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Seeing through the eyes of a child might be more like looking through God’s eyes than I ever thought.

Oh, to be young again.

That’s something many of us older folks have thought about or even dreamed of—the excitement of seeing the world through eyes as yet untarnished by the disappointments that tend to make us cynical as age takes its toll.

What if we were able to find that delight in life again? How could we return to finding joy in the simple things that astonish little children?

Perhaps it starts with our perspective on what God has made. Earlier this month, we received a picture of our grandchildren showing off some special headgear their mother had made from flowers that grew in their yard. These, our granddaughter Charlotte said, were sunflowers! I recognized them as dandelions and would have called them weeds. Dandelions are not something I find delight in—but to Charlotte, they were beautiful.

What makes adults delight in some flowers and not others? It is all about our perspective. If we want to experience a child’s delight in life, could it be that we need to cultivate minds that are open to receiving beauty in all its forms? How delightful life would be if we could look through childlike eyes not yet been tarnished by the ongoing effects of humanity’s fall into sin! Ever since the fall, our hearts have been hardened in a way that prevents us from truly seeing God’s great creation.

I think this is what Jesus was referring to when he defended the children who were coming to him. In both Matthew 19 and Mark 10, Jesus found the children to be much closer to heaven than the wise or learned adults. If we fail to see the world through the eyes of a little child, what are we missing? Are we closing our eyes to the beauty God sees when he looks at the creation he has made?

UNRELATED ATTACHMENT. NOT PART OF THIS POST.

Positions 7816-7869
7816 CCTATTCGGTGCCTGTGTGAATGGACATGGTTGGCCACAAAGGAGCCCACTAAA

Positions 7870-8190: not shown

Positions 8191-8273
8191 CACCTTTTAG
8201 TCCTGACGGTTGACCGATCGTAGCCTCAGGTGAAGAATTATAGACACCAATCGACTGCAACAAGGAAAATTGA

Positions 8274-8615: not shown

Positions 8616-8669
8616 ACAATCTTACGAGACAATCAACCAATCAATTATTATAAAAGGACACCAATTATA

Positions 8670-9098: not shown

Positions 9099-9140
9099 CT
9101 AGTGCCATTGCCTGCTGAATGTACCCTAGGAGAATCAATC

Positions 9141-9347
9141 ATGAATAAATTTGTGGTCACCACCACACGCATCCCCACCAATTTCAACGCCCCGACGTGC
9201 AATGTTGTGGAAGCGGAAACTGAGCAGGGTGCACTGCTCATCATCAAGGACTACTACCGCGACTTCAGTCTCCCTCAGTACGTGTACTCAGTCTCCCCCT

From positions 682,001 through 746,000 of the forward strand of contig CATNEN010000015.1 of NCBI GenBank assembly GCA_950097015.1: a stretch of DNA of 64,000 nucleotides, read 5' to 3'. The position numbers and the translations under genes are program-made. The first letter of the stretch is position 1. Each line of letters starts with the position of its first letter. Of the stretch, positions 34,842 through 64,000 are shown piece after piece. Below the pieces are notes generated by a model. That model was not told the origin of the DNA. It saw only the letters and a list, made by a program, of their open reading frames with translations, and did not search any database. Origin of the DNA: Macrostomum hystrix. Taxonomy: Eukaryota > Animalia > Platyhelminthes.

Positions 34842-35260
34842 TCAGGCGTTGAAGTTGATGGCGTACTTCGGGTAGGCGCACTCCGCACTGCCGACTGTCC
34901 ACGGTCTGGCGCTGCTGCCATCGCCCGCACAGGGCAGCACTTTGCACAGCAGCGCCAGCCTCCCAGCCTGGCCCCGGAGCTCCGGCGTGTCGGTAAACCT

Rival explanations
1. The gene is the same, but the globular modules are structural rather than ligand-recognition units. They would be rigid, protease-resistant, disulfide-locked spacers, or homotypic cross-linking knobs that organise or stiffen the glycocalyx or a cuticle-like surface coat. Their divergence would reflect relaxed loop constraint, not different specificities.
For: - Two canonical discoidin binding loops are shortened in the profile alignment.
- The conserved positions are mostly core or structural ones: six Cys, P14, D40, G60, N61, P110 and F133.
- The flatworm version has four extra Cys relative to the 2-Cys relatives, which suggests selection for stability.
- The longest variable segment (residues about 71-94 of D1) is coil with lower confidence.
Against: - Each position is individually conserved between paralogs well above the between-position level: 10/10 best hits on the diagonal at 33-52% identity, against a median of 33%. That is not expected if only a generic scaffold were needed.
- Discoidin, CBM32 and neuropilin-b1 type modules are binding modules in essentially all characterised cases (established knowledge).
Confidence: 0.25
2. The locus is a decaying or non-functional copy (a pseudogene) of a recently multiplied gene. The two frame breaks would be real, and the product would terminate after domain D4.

If we are open to seeing the world through the eyes of a child, then we will not be darkened by the hate or prejudice so prevalent in the world today. We will be able to see the love God showers on all people. How many times have we failed to note the God-given redeeming qualities of our neighbor? Perhaps it’s time for us to see “sunflowers” instead of weeds when looking at others so we can love them as God loves us. 

Imagine what joy can be ours if we reset our perspective so we can see the beauty all around us! Looking through eyes of love and not suspicion would be a good place to start. This can be quite a challenge. Our points of view have taken a long time to develop. I know I have room for improvement—I still try to keep dandelion “sunflowers” out of my yard. But if I really try, I might begin to see things in a new light. Seeing through the eyes of a child might be more like looking through God’s eyes than I ever thought. 

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